Spaying and neutering decrease the risk of bite-related behaviors. Regular exercise burns off excess energy that may lead to aggressive behavior.
Remember that aggressive-type games, like tug-of-war, can develop dominance issues. Be aware if you see your dog developing dominance tendencies. Train your dog from the beginning to know basic commands, like ‘sit,’ ‘stay,’ and ‘come.’
Socialization is a key to preventing aggressive behaviors that could lead to biting incidents. The more people and other dogs that your dog is socialized with, the more comfortable he will feel. Socialize your dog early and often. Exposing your fur baby to different sensations, sounds, environments, people, and animals can help reduce the chance of him being scared and aggressive.
Keep vaccinations up-to-date, especially rabies. In some places, a dog can be put down if proof of a rabies vaccination cannot be provided.
Visit the TruDog Blog for more information on dog bite prevention.
Check out this video on how to train a puppy not to bite.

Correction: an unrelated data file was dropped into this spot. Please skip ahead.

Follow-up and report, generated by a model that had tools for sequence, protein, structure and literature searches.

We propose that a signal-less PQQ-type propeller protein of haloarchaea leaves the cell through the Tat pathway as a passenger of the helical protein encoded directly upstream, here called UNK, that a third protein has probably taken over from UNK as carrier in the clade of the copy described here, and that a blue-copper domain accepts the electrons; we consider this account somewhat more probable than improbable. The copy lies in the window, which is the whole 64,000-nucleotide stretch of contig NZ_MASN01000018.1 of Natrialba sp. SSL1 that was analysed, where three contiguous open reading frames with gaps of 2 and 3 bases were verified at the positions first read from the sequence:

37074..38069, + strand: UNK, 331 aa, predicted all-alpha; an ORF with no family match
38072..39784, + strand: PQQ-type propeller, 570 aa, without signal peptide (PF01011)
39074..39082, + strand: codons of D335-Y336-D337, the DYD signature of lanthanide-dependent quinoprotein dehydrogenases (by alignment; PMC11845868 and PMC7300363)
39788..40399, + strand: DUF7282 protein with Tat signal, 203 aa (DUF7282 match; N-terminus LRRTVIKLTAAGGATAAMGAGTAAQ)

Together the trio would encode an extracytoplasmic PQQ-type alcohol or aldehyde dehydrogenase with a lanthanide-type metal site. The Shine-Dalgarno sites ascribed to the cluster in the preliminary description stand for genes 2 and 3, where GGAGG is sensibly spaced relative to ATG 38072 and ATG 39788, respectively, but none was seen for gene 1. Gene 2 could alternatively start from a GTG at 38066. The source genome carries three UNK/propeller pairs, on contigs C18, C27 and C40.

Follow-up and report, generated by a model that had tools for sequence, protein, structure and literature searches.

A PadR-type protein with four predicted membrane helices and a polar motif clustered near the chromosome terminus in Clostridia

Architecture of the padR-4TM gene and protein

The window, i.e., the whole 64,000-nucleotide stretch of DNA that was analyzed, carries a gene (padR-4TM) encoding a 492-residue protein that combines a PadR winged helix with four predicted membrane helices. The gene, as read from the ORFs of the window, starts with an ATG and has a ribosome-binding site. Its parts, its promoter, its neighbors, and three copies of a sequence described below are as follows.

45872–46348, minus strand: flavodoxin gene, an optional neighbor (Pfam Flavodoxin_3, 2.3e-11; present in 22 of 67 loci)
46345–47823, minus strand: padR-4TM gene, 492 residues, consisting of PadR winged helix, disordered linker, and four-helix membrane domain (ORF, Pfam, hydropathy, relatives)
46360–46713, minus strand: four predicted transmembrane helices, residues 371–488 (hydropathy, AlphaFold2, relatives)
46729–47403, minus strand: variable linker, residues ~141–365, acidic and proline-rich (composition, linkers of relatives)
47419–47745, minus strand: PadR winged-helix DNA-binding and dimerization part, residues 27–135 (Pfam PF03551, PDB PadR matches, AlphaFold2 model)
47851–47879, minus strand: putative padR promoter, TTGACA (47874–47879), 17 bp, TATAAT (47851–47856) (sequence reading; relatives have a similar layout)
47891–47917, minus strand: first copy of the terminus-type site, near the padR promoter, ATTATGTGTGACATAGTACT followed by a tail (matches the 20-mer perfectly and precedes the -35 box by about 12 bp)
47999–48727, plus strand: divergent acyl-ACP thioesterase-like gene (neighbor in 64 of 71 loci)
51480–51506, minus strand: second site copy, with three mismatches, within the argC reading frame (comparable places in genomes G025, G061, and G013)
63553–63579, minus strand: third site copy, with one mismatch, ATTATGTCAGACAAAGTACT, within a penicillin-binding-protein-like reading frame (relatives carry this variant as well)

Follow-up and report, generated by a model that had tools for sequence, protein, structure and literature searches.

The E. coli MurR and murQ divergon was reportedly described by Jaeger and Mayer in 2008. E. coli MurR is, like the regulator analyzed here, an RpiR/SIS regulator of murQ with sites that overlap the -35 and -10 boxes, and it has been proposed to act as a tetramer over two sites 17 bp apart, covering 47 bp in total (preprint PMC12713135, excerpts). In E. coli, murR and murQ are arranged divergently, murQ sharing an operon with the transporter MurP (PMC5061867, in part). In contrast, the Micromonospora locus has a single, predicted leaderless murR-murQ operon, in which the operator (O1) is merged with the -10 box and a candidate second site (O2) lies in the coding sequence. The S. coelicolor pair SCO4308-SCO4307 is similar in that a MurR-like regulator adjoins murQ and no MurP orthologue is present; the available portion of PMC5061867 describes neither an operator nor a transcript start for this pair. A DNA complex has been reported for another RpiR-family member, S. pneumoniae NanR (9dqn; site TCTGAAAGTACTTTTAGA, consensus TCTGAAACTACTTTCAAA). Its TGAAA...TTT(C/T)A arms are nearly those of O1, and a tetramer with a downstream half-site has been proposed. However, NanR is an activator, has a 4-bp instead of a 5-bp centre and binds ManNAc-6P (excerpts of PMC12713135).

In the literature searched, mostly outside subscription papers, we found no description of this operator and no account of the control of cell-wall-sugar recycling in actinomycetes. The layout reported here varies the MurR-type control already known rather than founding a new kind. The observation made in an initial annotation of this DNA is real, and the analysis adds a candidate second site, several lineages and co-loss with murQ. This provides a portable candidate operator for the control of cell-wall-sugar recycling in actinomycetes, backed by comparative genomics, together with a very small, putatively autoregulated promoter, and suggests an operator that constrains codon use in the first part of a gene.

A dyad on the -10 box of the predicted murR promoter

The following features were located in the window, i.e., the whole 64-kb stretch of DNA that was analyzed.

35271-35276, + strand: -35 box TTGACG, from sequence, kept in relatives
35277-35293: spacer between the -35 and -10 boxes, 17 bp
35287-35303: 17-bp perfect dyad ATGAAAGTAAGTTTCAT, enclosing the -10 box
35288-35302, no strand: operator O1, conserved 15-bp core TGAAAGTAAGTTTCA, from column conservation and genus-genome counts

Learn how to stop your dog from nipping and chewing during play. Teaching him to play gently early on can help save you from serious problems when they are fully grown.
For tips on how to help a dog with a history of biting, check out this video below. You’ll also want to consult a professional dog trainer for personalized assistance as soon as possible if your dog continues to have a biting problem.
Please remember to be patient with your dog during the training process. Often, doggie emotions run high during this time and you may need some help from a trained professional to determine what’s motivating your dog to bite and what steps are necessary to stop the behavior.